Steven Pinker, John Gray and the End of War - Scientific American "words and rules" is also the title of an essay by pinker outlining many of the topics discussed in the book. suggests another possibility: that the critical variable in the indulgence of violence is an overarching sense that life is cheap. in any case, human nature has not changed so much as to have lost its taste for violence. on the debate around the blank slate, pinker called thomas sowell's book a conflict of visions "wonderful", and explained that "the tragic vision" and the "utopian vision" are the views of human nature behind right- and left-wing ideologies. pinker is the johnstone family professor in the department of psychology at harvard university. the book's topic, the english past tense, is in yang's view unglamorous, and pinker's attempts at compromise risk being in no man's land between rival theories.^ "professor stephen pinker", new college of the humanities, accessed 4 november 2014. the stuff of thought (2007), pinker looks at a wide range of issues around the way words related to thoughts on the one hand, and to the world outside ourselves on the other. other major challenge posed by the decline of violence is how to explain it. other books, how the mind works (1997) and the blank slate (2002), broadly surveyed the mind and defended the idea of a complex human nature with many mental faculties that are adaptive (pinker is an ally of daniel dennett and richard dawkins in many disputes surrounding adaptationism). the small picture is very bad, but the big picture of violence around the world is about as good as it’s ever been. gladwell replied, disputing pinker's comments about the importance of iq on teaching performance and by analogy, the effect, if any, of draft order on quarterback performance in the national football league. the image is used by pinker in the better angels of our nature, with the comment "as the housebook illustrations suggest, [the knights] did not restrict their killing to other knights".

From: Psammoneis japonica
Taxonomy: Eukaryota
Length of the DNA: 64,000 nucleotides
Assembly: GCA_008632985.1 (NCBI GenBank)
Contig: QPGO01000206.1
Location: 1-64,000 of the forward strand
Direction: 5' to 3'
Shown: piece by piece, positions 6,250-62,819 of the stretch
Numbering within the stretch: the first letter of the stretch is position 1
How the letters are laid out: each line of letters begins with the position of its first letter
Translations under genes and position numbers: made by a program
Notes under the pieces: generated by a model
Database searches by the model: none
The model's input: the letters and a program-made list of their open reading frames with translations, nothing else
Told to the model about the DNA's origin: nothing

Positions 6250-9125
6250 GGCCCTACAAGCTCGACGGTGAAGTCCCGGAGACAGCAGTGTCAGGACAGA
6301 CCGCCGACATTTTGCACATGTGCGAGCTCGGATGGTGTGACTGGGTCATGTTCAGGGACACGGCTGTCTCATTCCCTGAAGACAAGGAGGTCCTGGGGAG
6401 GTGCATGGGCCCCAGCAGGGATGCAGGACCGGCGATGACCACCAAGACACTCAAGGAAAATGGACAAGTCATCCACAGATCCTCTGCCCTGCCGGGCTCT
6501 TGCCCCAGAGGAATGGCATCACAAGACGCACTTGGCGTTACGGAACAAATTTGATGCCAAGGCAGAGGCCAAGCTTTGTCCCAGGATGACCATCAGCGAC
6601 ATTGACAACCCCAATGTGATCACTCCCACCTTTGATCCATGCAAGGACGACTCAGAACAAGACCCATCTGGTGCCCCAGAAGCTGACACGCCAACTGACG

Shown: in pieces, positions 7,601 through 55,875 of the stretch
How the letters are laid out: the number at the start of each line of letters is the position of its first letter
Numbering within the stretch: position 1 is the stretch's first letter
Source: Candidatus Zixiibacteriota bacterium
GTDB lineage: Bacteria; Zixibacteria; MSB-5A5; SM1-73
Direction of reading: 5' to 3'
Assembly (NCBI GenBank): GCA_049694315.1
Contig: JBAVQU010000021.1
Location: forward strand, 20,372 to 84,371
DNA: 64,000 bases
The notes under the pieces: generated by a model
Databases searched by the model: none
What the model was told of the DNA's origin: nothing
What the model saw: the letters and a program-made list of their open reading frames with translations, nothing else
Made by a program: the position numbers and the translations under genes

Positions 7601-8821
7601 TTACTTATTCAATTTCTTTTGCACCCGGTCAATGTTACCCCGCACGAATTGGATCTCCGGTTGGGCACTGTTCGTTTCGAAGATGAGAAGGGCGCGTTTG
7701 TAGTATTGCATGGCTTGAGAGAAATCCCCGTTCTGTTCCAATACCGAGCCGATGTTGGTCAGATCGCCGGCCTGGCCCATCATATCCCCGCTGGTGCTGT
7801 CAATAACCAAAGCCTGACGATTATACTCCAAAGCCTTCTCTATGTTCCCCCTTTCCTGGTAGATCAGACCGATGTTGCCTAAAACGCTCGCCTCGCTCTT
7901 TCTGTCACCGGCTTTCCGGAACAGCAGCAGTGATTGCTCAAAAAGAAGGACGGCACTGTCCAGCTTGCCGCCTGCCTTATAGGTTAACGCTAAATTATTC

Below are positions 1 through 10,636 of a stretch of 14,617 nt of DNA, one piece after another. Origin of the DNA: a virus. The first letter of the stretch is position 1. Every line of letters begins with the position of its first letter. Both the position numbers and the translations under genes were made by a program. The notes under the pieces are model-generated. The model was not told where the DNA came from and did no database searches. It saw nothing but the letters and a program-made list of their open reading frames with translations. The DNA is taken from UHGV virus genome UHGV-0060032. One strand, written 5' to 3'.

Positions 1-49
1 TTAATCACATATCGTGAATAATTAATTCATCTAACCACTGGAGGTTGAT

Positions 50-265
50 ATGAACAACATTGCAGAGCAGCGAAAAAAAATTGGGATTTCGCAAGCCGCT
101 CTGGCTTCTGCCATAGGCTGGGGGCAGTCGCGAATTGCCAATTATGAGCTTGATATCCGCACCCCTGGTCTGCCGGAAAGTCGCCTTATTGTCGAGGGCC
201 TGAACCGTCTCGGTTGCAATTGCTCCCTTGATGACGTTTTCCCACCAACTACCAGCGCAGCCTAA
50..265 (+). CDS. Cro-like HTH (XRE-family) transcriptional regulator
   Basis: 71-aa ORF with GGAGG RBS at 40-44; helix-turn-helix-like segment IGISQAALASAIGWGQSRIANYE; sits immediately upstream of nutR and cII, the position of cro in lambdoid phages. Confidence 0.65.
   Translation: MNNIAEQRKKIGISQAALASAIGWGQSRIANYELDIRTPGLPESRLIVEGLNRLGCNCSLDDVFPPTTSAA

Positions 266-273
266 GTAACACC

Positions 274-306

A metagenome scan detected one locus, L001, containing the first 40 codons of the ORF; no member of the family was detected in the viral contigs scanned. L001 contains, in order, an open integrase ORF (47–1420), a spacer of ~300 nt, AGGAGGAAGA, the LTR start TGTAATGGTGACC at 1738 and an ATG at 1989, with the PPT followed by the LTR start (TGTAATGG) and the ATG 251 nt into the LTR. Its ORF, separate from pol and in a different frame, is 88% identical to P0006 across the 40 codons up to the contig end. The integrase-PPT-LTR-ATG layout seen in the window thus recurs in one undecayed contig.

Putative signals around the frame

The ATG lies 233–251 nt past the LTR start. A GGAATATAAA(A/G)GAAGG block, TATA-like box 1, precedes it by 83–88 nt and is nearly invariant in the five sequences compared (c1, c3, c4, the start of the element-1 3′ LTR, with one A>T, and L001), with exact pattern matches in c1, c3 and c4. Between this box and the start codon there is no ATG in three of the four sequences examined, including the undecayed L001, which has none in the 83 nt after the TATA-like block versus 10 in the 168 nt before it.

Steven Pinker on Language, Reason, and the Future of Violenceas long as violence has not vanished from the world, there will always be enough incidents to fill the evening news. the great american crime decline of the 1990s, which flattened out at the start of the new century, resumed in 2006, and, defying the conventional wisdom that hard times lead to violence, proceeded right through the recession of 2008 and up to the present. in his 1996 book impossible minds, the machine intelligence researcher igor aleksander calls the language instinct excellent, and argues that pinker presents a relatively soft claim for innatism, accompanied by a strong dislike of the 'standard social sciences model' or sssm (pinker's term), which supposes that development is purely dependent on culture. the intense media coverage of famous athletes who have assaulted their wives or girlfriends, and of episodes of rape on college campuses, have suggested to many pundits that we are undergoing a surge of violence against women. pinker is also noted for having identified the rename of phillip morris to altria as an "egregious example" of phonesthesia - with the company attempting to "switch its image from bad people who sell addictive carcinogens to a place or state marked by altruism and other lofty values". and they could consult the analyses of quantitative datasets on violence that are now just a few clicks away. many countries have implemented laws and public awareness campaigns to reduce rape, forced marriage, genital mutilation, honor killings, domestic violence, and wartime atrocities. 1982 until 2003, pinker taught at the department of brain and cognitive sciences at mit, and eventually became the director of the center for cognitive neuroscience, taking a one-year sabbatical at the university of california, santa barbara, in 1995–96. the great american crime decline of the 1990s, which flattened out at the start of the new century, resumed in 2006, and, defying the conventional wisdom that hard times lead to violence, proceeded right through the recession of 2008 and up to the present., style and writing in the 21st century: with steven pinker, royal institution, october 2015. and it holds out the hope that we might identify the causes of violence and thereby implement the measures that are most likely to reduce it.” this past fall, michael ignatieff wrote of “the tectonic plates of a world order that are being pushed apart by the volcanic upward pressure of violence and hatred.. bureau of justice statistics’ victimization surveys (which circumvent the problem of underreporting to the police) show the opposite: rates of rape or sexual assault and of violence against intimate partners have been sinking for decades, and are now a quarter or less of their peaks in the past.